AKI donors support Bam Animal Clinics' donkey welfare activities in eastern Uganda, such as humane saddle making trainings and free community clinics for donkeys.
At the end of June, Bam held a humane saddle making training in Kamet subcounty, Bukwo District and then during the rest of the week, followed up with other donkey welfare activities in the subcounty, including a community vet clinic. This was the 1st time that Bam Animal Clinics worked in this subcounty.
Bam Animal Clinics and veterinary staff in Bukwo District mobilized donkey owners to attend the saddle making and vet clinics. It took about 3 days to cover the large, mountainous area and reach as many donkey owners as they can accommodate at the training and clinic.
For the saddle making training, Bam gathered over 100 sisal sacks and sewing materials. The one-day training program started with demonstrations carried out by Bam Animal Clinics' staff, showing the group of 100 donkey owners how to make sisal saddles. After the demo, the participants broke into 5 groups and each group made at least one sisal saddle and practiced fitting it on one of their donkeys.
Of course, not all donkey owners in the area have the time to participate and Bam can't reach out to everyone with a donkey, so they encourage those who learn how to make and use humane saddles to teach others.
A total of 215 donkeys were brought to the one-day community vet clinic. You have to be very organized and have all the right meds, materials, and technical help to handle that many donkeys in one day. Not to mention the dogs (which we’ll mention later).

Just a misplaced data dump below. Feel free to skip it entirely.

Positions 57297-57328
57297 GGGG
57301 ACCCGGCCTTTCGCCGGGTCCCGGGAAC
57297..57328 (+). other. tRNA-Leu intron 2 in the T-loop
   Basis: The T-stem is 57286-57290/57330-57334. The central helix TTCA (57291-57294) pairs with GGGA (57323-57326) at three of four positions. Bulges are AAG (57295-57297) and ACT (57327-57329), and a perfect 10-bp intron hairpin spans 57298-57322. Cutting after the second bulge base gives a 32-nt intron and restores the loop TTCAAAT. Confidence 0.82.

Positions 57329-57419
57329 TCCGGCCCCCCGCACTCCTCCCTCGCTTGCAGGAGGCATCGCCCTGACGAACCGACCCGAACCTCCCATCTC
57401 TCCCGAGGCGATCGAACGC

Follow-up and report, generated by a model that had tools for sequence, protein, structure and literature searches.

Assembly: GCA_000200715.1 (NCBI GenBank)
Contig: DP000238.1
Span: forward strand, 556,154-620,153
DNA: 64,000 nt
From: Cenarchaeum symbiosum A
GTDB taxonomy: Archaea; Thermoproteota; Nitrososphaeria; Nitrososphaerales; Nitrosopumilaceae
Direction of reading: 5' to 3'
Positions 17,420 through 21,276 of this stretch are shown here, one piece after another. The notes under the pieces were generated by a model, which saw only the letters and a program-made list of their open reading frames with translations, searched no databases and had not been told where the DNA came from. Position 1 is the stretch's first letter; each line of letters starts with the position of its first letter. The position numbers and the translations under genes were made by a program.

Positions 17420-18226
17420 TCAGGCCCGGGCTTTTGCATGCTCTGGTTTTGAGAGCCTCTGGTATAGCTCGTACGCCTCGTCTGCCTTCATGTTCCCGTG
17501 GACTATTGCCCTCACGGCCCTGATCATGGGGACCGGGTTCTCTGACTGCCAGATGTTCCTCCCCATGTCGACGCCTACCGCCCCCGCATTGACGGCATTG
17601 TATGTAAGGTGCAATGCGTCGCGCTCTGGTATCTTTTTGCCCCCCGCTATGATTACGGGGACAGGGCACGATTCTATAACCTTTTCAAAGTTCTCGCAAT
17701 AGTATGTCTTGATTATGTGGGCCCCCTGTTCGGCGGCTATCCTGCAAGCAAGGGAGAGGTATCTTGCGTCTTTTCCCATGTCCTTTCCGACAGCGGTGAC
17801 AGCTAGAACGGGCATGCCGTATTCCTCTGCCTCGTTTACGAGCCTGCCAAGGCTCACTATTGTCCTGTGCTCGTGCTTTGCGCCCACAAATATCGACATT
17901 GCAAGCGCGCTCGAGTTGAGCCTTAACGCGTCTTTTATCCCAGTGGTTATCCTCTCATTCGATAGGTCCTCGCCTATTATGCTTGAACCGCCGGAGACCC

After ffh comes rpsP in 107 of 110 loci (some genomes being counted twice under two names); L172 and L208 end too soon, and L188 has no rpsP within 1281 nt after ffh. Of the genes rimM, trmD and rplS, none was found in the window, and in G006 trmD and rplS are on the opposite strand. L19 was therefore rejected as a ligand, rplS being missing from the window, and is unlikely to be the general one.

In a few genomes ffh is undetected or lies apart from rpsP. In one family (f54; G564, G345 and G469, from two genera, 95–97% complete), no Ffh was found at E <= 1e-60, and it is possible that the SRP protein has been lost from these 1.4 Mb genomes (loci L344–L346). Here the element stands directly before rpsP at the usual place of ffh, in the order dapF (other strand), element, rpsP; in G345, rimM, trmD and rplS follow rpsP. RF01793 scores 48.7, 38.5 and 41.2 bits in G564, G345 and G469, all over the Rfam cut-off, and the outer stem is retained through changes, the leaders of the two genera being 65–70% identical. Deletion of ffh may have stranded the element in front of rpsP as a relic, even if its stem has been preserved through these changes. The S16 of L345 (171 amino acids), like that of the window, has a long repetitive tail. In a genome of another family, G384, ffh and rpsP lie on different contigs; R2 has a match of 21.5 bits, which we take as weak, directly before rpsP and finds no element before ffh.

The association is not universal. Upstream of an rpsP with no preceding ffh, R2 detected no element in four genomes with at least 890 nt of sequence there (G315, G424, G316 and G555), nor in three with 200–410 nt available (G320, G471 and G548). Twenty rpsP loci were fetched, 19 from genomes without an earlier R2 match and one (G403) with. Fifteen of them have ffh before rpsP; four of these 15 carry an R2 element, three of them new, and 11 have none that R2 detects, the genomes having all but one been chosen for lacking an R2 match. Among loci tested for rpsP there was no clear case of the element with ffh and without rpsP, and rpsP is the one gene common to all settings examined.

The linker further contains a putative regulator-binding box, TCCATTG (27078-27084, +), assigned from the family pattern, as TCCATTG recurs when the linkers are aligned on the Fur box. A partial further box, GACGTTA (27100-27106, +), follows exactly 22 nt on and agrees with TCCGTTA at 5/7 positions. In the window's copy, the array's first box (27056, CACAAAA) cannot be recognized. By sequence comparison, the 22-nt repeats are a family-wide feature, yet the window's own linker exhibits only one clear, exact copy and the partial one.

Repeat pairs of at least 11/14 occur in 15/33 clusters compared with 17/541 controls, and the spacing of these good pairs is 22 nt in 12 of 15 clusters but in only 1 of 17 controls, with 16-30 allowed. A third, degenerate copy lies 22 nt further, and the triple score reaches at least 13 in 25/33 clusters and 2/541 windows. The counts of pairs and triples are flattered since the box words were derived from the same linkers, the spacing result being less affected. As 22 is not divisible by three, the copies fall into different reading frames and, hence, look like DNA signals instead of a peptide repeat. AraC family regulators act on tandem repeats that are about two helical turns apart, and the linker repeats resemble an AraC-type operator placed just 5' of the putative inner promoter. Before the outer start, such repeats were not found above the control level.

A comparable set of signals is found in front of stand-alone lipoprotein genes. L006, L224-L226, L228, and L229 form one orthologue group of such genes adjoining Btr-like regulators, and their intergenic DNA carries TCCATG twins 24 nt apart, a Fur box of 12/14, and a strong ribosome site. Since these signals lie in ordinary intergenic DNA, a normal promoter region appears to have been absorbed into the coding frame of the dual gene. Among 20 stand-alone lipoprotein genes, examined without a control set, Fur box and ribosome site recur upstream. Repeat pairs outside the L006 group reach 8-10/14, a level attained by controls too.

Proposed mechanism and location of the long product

Most of the donkey owners at the clinic said that they had never before had their donkeys treated by a professional. For the most part, the donkey owners believe that donkeys are resistant to diseases.
During the clinic, the vets treated a range of conditions, from mild to severe, including cases of foot rot, lacerated hooves, fractured limbs, skin dermatitis due to burrowing mites, illnesses, wounds on backs, and the usual tail cuts, the latter two conditions caused by poor or no harnessing and heavy loads. Most of the donkeys had never been de-wormed before and likely carried a heavy worm burden, so they were treated with ivermectin. Although no one expects these donkeys to be worm-free, many of the donkeys that Bam Animal Clinics saw were in poor condition, and worms only make their overall condition worse and the donkeys weaker.
Some of the cases that Bam treated required follow-up. Bam has a network of community animal health workers, vets, and District Veterinary Officers who are able to assist once the main Bam team leaves the subcounty. Bam's contact vet for Bukwo will report to Bam about how the donkeys are doing and about any additional help the owners and donkeys might need.
Most donkey owners have dogs and Bam asked that they bring their dogs to the clinic so they could be vaccinated and given check ups. Bam treated the dogs for fleas, ticks, mange, and vaccinated them against rabies. Animal-Kind International's support -although targeting donkeys-covered this, as well.
Despite the contributions donkeys make to these rural communities, the management, handling, and care of donkeys are poor and it's a great challenge for Bam to work with donkey owners to try to change this. Lack of awareness of good practices and lack of veterinary services are the main problems and Bam, with their partners, will continue to address these to the best of their abilities.